Getting into the backcountry and exploring the rivers fur traders, explorers and the native Indians used for travel in our canoe is exhilarating. Exploring bays and rivers in the peace and quiet of nature we imagine, not since the fur traders or natives, we are the only ones that have been in this exact spot. Not! Looking into the water we see a beer can and a little further on shore an oil can. That dream over, we paddle on to a historic canoe portage, unload and are shocked to see the litter everywhere in the trees and left at campsites. Yes human animals have been here and like some animals have marked their territory by leaving their garbage for others to enjoy. Obviously they were out there for a reason, was it to enjoy nature as we were, or did they simply go a long distance to party up, or did they make the trip to dispose of their garbage. I know God created man equal but sometimes my belief in humans is shaken. We sometimes just have to mess up a good thing. Please there is nothing historic about your garbage being left, it’s just a sorry statement on humankind.  Luckily not everyone is like this, but a few will ruin it for many. We have to journey further and further away to find areas now untouched by man and still pristine without garbage and that is what keeps us going that extra mile, because it’s less crowded there.

Love all of you who take the time to read this rambling. Covid has definitely cut down our adventures as we try and limit our chance of spreading this virus. If we could just all do our part for each other…but then that is like the privileged few who leave their garbage for others. I really do love people just sometimes have a hard time understanding what we are doing to our planet in the name of progress. Lots of us care, but it’s the ones that don’t that kinda get under my skin.

Sharing with you some of the northern beauty of one of my favorite provinces Manitoba Canada, enjoy and we hope to meet you down the road. Please subscribe, until next week.

Beyond cellular with SOS security

I always talk about going that extra mile, just because it’s less crowded there. I am right usually because there are fewer and fewer people who can be out of touch on their phones. It’s getting so everywhere you go there is a phone in hand and our heads are bowed. Well the emergency benefit of the cell phone can be argued but mainly it’s an addiction to connectivity to friends, family and social media. You know what I am talking about, all the platforms out there that are running our world leaders chasing their tails. Oops I did not mean to get political. I beg your forgiveness.


We try to break that addiction when we have better things to do like enjoy nature, new sights on our travels and just plain disconnecting from a connected world. The places we love to canoe, camp and just plain enjoy nature are places less crowded and we have been finding these spots have no cell reception or internet, usually no power or services.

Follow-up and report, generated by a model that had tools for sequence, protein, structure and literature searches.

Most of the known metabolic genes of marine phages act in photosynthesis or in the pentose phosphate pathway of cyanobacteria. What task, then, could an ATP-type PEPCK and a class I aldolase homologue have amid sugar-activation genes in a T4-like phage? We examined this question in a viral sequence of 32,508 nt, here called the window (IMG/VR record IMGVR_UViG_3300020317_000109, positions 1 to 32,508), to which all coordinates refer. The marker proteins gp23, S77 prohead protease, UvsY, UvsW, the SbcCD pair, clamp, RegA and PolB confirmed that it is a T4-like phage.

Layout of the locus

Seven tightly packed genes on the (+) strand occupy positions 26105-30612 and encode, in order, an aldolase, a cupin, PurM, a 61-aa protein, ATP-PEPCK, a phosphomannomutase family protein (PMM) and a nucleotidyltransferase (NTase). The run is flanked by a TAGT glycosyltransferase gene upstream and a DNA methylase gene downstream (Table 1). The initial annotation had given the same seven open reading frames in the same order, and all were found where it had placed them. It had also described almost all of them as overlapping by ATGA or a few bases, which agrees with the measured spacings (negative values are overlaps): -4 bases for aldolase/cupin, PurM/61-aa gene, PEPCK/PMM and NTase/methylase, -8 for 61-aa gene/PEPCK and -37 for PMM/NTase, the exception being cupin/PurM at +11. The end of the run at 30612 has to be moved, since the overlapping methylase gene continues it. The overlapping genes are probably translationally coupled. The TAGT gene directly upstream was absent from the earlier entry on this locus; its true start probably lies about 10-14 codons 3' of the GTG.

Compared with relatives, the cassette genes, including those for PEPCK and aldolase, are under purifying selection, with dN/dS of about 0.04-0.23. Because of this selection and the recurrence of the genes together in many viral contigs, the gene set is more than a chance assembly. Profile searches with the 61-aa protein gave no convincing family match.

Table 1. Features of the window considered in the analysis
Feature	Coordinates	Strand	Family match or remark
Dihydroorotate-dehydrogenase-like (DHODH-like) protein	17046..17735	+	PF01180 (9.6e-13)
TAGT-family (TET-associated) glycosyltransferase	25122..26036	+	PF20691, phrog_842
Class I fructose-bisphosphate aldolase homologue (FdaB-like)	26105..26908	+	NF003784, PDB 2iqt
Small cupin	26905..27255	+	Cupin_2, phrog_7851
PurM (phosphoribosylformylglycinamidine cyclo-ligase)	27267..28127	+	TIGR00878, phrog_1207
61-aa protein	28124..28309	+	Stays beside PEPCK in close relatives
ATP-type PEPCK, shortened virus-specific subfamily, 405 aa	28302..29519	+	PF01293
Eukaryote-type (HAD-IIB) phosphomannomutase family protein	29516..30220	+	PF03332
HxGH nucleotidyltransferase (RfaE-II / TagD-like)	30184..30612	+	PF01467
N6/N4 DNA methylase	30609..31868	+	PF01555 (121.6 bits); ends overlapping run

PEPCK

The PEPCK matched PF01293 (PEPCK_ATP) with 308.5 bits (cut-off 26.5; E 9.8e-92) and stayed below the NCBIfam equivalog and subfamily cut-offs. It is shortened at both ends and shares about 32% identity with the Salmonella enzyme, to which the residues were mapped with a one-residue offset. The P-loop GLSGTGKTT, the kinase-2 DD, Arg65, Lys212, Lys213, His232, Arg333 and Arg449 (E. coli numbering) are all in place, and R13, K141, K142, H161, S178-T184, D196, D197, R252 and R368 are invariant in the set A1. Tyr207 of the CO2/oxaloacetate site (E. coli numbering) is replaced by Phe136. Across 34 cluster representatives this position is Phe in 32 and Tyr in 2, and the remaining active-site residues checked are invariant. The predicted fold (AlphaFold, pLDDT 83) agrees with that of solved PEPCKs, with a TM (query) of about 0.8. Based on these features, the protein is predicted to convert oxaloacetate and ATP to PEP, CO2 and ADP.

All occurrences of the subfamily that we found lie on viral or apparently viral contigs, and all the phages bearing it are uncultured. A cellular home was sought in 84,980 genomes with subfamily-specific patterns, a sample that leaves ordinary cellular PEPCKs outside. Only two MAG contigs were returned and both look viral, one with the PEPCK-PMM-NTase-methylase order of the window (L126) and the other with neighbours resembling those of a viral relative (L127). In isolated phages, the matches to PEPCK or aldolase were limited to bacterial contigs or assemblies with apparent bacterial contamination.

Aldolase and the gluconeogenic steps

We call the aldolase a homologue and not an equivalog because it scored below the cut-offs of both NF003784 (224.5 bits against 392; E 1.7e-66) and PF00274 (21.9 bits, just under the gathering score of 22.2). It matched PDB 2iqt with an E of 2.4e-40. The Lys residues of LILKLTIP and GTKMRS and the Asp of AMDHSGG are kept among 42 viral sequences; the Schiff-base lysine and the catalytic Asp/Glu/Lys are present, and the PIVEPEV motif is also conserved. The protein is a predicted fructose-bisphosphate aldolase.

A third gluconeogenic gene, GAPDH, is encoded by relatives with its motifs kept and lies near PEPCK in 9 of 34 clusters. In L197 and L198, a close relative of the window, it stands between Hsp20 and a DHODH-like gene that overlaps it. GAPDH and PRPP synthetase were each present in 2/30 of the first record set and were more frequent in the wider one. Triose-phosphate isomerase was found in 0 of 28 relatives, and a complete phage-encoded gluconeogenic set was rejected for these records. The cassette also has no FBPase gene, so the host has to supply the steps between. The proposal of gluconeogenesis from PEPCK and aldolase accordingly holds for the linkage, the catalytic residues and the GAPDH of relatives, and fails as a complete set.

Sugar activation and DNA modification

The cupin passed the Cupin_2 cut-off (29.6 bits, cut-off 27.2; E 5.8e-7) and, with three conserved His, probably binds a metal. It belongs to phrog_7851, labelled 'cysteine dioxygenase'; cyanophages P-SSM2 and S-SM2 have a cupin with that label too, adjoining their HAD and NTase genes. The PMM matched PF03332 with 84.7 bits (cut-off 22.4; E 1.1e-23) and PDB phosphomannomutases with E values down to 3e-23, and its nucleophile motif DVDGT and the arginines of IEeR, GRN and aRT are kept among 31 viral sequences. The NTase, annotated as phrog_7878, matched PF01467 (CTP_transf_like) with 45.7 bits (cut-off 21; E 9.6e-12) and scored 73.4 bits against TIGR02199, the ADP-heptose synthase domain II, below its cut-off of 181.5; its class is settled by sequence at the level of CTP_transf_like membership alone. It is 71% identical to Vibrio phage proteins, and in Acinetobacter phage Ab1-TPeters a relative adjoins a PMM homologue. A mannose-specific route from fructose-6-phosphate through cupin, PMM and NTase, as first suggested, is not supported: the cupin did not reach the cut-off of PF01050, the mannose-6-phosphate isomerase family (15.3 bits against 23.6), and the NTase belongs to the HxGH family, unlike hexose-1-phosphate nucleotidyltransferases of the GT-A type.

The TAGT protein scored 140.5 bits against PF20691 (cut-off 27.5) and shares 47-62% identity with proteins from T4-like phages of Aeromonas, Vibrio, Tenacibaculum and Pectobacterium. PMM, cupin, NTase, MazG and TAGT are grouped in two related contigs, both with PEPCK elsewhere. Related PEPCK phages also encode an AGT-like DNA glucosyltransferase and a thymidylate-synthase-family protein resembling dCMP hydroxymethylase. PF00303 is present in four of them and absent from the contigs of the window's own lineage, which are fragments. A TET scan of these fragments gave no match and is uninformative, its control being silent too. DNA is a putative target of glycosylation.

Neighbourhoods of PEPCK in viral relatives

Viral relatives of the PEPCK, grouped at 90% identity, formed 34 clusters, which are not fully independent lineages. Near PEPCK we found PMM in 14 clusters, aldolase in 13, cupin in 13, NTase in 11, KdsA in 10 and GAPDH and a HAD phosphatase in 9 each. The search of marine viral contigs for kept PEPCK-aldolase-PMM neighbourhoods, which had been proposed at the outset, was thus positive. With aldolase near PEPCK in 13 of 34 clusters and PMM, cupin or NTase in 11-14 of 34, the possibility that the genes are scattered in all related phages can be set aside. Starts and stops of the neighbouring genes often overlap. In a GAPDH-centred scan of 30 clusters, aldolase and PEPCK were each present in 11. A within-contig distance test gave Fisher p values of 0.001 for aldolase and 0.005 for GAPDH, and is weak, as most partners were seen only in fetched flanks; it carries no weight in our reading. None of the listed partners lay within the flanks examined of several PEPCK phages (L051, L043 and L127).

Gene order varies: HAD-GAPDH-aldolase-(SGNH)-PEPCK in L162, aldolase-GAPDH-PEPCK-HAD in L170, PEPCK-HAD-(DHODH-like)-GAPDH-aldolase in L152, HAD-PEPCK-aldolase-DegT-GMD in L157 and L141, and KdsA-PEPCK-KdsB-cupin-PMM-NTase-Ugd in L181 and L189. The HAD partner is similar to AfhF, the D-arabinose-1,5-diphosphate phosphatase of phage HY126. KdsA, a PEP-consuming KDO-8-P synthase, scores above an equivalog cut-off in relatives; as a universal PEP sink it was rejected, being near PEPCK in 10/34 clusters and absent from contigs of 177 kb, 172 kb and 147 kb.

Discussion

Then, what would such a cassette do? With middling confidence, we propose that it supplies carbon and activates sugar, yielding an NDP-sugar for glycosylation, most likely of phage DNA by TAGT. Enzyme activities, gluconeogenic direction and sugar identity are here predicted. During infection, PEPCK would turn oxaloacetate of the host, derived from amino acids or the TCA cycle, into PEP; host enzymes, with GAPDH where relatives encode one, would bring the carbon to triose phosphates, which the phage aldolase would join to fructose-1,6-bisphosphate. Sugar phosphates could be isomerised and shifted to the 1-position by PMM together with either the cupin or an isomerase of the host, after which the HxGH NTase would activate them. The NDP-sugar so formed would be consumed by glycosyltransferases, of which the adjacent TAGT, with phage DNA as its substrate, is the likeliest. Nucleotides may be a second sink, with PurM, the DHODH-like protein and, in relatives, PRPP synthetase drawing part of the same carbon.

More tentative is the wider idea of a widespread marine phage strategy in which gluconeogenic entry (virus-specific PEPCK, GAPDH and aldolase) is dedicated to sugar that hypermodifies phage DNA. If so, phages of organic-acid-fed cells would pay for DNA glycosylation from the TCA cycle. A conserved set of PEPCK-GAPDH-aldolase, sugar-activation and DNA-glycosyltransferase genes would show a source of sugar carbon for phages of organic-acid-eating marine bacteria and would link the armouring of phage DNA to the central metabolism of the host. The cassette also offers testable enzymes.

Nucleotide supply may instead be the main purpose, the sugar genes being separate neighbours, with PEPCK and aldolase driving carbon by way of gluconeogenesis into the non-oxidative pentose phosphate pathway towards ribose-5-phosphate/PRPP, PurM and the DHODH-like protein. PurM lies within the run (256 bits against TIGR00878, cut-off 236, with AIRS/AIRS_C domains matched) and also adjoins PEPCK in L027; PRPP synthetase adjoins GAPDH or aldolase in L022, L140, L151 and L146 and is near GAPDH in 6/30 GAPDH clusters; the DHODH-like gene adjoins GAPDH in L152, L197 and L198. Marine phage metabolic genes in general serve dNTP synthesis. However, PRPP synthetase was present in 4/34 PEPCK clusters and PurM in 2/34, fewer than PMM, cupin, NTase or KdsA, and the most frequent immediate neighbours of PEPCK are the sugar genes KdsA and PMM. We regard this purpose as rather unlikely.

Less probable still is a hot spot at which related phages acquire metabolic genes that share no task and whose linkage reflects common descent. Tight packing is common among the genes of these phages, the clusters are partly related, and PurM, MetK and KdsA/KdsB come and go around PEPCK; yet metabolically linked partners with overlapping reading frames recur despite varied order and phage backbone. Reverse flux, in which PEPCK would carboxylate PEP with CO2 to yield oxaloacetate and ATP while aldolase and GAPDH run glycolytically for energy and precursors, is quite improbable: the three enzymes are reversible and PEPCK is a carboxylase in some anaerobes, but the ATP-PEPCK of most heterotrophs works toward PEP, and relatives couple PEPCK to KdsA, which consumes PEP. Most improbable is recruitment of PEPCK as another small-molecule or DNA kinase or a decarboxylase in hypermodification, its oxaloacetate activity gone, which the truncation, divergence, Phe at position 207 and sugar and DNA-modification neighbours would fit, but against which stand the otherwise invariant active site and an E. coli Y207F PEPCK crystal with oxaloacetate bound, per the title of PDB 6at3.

End of road

When we travel we become nomads and only move when we feel the desire to do so, if we like a location we may stay a couple of days, a week or possibly a month. If our location, for any reason, is unsuitable for our tastes we simply move on. We love our lifestyle but those we love such as family sometimes get concerned when they have no idea where we are or if we are OK, this we value as well.

We are always finding ourselves out of cell range depending on our Ford to get us to where we are going and all the tires staying round. As well we take off in our canoe or on hikes that could lead us into some danger or be stranded due to weather or accident. I don’t know about where you are from but I know in Saskatchewan, B.C. and northern Manitoba cell service is hit and miss and you just never know when you have service and especially in the north of our country.

We bought ourselves what we feel is the best insurance for our lifestyle that is possible and that cost compared to other insurance we pay is a deal.

SPOT X – 2 way satellite Messenger with Bluetooth is our connection to the world no matter where we are. I am told there is a little spot in Siberia that we may not be covered, I think our stay there might be limited anyway. Our SPOT X provides us two way messaging when we are off the grid using a constellation of satellites and can also connect to our smart phone via Bluetooth. An added feature is the SOS that can send a message to the 24/7 search and rescue center where we can message back and forth about the extent of our emergency and confirm help is on the way providing them our GPS location. This is true peace of mind for us as we just never know when we get ourselves into a situation we cannot fix ourselves.

Our SPOT X has a keyboard so we can text messages, we can also get an app on our phone to connect to the SPOT X but we see no need for this feature ourselves as the model of phone we have is self-contained so the benefits we see are:

1-Connect to Bluetooth for satellite connectivity.

2-Exchange text and email messages with any cell anywhere in the world.

3-Send SOS in dire emergency to the Search and Rescue center.

4-We can set up tracing in different minute intervals and track our location on cloud based mapping.

5-One button check in letting selected people know we’re OK.

6-Compass navigation with the built in compass and programmable way points.

We picked the SPOT X as it is totally water, weather and dust proof and the lithium battery is good for approximately 10 days per charge while tracking. As well it has the keyboard so we do not have to carry another phone or attachment that could get lost or damaged. There are many plans that cover all needs and budgets including ours. Now that we have it we would never travel again without it, even if we are not hitting the deep back country. It’s just plain peace of mind and it’s “beyond cell”!